PBSA upgrades offer solid returns.


Over the past 12 months or so, it’s been hard to miss headlines about the plight of students struggling to secure accommodation.

Recent research shows that while the student population has risen by 400,000 since 2019, the number of student houses has fallen by 19,000 in the same period, according to Sky News. For students going into their first year – and their parents – the problem is adding to an already stressful time.

The supply shortage has been compounded by a rapidly shifting demographic student mix. In the past few years, efforts to drive up the proportion of university students from lower socio-economic backgrounds have coincided with a high-inflation environment that has hit young people’s spending power more than most.

In the student housing market, the results have been predictable and well publicised, with providers struggling to deliver enough affordable beds for students whose only means to pay their rent is via maintenance loans. The market is struggling to solve this significant problem in a way that is sustainable for investors. Inflation is also responsible for the market’s inability to tackle the growing shortage of available beds for students.

In recent years, developing more purpose-built student accommodation (PBSA) has been seen as the solution. But higher land prices and building costs, and a congested planning system, make this an increasingly unattractive option for investors and developers.

In previous years, a steady stream of wealthy overseas students willing to pay a premium for newer, better-serviced schemes meant a focus on new build could be rationalised from an investment standpoint. But with uncertainty about Brexit’s long-term impact and changing rules for overseas students, investors will need to seek alternatives that cater to a wider segment of the market.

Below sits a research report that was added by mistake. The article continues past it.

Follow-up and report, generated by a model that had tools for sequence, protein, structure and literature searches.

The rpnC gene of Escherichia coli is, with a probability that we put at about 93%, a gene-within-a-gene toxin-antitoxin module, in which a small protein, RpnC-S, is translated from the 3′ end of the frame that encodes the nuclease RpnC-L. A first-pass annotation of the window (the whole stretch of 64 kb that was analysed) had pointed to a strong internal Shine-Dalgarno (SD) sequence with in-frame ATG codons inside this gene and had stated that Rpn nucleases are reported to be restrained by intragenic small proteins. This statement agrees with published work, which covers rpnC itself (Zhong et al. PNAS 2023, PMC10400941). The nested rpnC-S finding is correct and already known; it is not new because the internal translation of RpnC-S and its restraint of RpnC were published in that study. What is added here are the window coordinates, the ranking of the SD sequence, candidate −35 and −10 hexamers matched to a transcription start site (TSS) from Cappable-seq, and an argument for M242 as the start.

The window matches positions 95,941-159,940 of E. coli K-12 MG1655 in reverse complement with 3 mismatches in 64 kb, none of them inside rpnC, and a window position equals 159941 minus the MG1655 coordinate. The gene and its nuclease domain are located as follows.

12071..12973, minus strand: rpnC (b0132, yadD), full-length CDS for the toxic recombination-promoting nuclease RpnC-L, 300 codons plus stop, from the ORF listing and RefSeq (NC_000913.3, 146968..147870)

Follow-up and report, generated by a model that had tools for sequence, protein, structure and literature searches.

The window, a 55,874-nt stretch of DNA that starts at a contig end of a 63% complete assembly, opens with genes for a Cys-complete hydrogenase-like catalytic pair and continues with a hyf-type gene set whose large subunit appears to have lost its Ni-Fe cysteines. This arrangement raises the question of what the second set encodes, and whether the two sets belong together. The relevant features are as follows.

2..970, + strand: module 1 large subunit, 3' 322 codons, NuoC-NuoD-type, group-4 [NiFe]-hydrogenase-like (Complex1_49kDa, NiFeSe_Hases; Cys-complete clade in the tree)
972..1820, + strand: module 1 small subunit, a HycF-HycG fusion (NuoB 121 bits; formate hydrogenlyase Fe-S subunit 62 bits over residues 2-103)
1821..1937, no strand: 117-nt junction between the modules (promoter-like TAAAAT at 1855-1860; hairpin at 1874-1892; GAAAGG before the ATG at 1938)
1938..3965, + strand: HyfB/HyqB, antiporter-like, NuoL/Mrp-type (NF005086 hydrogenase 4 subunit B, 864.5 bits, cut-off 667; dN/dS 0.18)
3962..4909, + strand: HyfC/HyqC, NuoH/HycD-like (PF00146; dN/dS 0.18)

It’s not just the availability of beds but the quality that is causing a headache for university asset managers, with much stock failing to live up to student expectations – and to basic modern standards of safety and energy efficiency. Universities have an increasing number of assets no longer fit for purpose and in desperate need of investment in environmental, social and governance (ESG) upgrades and the resolution of cladding issues.

This is where a new opportunity for investors is emerging. Addressing issues with existing PBSA is crucial to improving student experiences and providing an inflation-hedged alternative to faltering new-build development. The shifts in students’ socio-economic demographics look to be with us for the long term, so focusing on improving existing affordable assets and investing in the needs of students from a wider range of backgrounds is a strong alternative to investing in new build for private capital.

This, and the mature nature of the sector, means refurbished PBSA stands to deliver robust occupancy rates, high yields and a strong return on investment.

As with any asset that has not been invested in for a long time, initial capex and proactive management are needed to ensure it is an attractive, Energy Performance Certificate-compliant and safe proposition for students. But even when improvements are costed in, financial outlays can come in at well under what new-build options would cost. In keeping costs down, rents can also be kept at a more affordable rate, which should promote a more enjoyable experience for what can be a daunting first move away from home.

PBSA is evidently in need of investment. Diminishing new-build PBSA returns must not put investors off deploying capital in the sector at a time when solutions are needed. It is the responsibility of developers and asset managers to put forward solutions that, primarily, deliver for investors, but also alleviate pressure on students and universities. These goals do not need to be mutually exclusive. The most pragmatic and cost-effective solution, and the means to achieve this, is to focus on improving existing stock.

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